catapult magazine

catapult magazine

Vol 11, Num 2 :: 2012.01.20 — 2012.02.02


Bigger barns

In order to be more effective in our use of what we have we accumulate more, extend our influence. We become very busy doing good, because when we are busy we don’t have time for building the much more demanding and difficult personal relationships of love.

Eugene Peterson

At the beginning of each new year, our thoughts naturally turn to living a better life and starting fresh.  As I read Peterson’s words tonight, I thought how fitting they were with the topic of simplicity. We always want more, don’t we? It is a constant struggle in this modern day — truthfully, since Cain and Abel. Today, though, we have a cultural milieu that fosters coveting your neighbor’s possessions, gaining wealth at any cost and hoarding for ourselves a safety net, which turns into the desire for a bigger house and a higher paying job. Our priorities are shifted to the self, rather than outward toward others. No wonder we hear constantly about families broken because arguments about money and possessions tear them apart.

Peterson continues, “Just as idolatry results in a pollution of our love for God, so covetousness results in a pollution of our love for one another.” As wealth increases, greed creeps in and becomes the focus, instead of seeking that which is good and giving our love to family and friends.

Similar is the warning Jesus issues in the parable of the barn builder. In the twelfth chapter of Luke he tells the story of a farmer whose harvest is so abundant that it doesn’t all fit into his barn. He decides that the best solution is to build a bigger barn that can store everything so he can relax and be at ease.  Then God comes along and says, “Fool. Tonight you die. And your barn full of goods — who gets it?” The farmer did not cultivate any loving relationships because he was too busy accumulating more.

It really hits home when you put yourself into the story. We all tend to be barn builders at times, and we think we are right in doing so because we have worked hard and earned it, so we should be able to do what we want, right? Wrong. God asks us where we store our treasures — in heaven or on earth.  Jesus says, “That’s what happens when you fill your barn with Self and not with God.”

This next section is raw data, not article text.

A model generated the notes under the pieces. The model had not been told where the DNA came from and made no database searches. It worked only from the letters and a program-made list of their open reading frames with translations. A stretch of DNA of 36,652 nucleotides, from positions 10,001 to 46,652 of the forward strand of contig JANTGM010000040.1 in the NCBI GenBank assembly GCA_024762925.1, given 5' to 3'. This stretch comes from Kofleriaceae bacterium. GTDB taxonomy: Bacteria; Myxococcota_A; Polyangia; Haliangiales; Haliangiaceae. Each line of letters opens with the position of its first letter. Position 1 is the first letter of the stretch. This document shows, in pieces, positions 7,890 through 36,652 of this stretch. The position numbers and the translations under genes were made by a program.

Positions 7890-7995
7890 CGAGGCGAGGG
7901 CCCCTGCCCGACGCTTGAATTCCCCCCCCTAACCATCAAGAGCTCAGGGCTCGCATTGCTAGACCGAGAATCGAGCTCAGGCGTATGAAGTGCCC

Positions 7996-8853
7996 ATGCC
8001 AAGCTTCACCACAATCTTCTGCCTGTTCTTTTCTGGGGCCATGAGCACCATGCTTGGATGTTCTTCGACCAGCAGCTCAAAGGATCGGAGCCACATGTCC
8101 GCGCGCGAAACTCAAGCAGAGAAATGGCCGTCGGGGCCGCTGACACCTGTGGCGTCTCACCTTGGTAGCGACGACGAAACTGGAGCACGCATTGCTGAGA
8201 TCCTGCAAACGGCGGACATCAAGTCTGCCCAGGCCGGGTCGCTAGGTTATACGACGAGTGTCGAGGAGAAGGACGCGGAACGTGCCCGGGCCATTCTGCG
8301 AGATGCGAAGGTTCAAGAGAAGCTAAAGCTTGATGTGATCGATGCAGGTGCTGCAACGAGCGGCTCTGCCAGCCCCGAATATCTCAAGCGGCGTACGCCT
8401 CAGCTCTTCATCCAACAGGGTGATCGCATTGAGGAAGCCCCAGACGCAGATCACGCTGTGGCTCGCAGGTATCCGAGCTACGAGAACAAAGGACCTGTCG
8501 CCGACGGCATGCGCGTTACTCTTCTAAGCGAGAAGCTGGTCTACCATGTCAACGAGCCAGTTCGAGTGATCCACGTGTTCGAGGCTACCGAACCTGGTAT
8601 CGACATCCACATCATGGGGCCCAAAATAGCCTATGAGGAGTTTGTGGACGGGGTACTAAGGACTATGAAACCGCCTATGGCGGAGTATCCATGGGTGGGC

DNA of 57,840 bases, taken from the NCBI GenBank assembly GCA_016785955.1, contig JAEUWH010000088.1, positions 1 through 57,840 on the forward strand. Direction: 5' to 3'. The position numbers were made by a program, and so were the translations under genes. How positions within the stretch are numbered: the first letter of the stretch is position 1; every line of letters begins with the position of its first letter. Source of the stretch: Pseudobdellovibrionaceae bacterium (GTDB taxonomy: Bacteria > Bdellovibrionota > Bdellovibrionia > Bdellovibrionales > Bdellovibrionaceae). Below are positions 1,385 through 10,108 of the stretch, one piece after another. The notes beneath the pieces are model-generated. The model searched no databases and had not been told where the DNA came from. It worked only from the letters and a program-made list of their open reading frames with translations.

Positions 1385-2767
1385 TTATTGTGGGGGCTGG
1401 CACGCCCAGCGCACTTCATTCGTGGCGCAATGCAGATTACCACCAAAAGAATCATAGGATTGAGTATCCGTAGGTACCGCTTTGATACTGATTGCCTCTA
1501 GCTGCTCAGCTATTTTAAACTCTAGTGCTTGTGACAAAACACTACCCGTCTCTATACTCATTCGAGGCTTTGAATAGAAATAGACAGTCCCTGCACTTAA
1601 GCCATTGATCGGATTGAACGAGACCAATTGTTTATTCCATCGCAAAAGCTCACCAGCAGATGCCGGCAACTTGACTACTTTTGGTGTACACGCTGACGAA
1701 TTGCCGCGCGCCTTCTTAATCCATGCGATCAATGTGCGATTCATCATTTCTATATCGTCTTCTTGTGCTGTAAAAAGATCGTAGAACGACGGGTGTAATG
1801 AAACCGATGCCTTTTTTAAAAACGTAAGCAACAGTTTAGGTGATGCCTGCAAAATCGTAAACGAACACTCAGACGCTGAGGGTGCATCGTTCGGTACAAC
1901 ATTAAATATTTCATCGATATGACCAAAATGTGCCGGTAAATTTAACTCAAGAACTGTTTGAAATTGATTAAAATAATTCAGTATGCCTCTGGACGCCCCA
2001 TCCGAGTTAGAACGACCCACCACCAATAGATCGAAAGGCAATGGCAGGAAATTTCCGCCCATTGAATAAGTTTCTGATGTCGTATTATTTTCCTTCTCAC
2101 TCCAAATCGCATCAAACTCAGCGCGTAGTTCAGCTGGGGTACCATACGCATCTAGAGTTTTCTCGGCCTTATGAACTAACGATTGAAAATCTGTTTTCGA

Examining my own conduct, I am increasingly aware that I do not deserve anything. We are made of dust and to dust we shall return. Everything in between is a gift of life we are given on this earth. Who am I to complain? I am sure we can all think of many ways we live abundant lives, both materially and intangibly through relationships. I live in an apartment by myself. What extravagance! I don’t have to wonder where my next meal is coming from. I have people in my life who inspire me, challenge me and tell me stories that teach grace and love. Do I let these things inform my willingness to seek God’s kingdom above all?

I think about my brother who is on his fourth mission trip in Haiti right now. The Haitian people live simple lives, but if they could build bigger barns, would they? It grips me each time I see my brother’s pictures and hear the stories about attending church there. They live in such poverty and yet in those photographs, I witness the joy that comes from knowing God. They sing and dance in church as if there is a heavenly audience in attendance (I am sure there is). While many white North Americans attend a church service that lasts up to an hour and a half, the churches in Haiti keep on praising God for three hours — in a small building crowded with people, with no air conditioning, in the heat and humidity of the tropics. I suspect the lack of modern luxuries does not increase their inclination to follow God, but rather focuses what they are seeking.

For me, it begs many questions: where is the source of my joy? Is it safely tucked away in a barn here on earth where I hope no one can steal it? Or is it deep in my heart where it will not be stolen?

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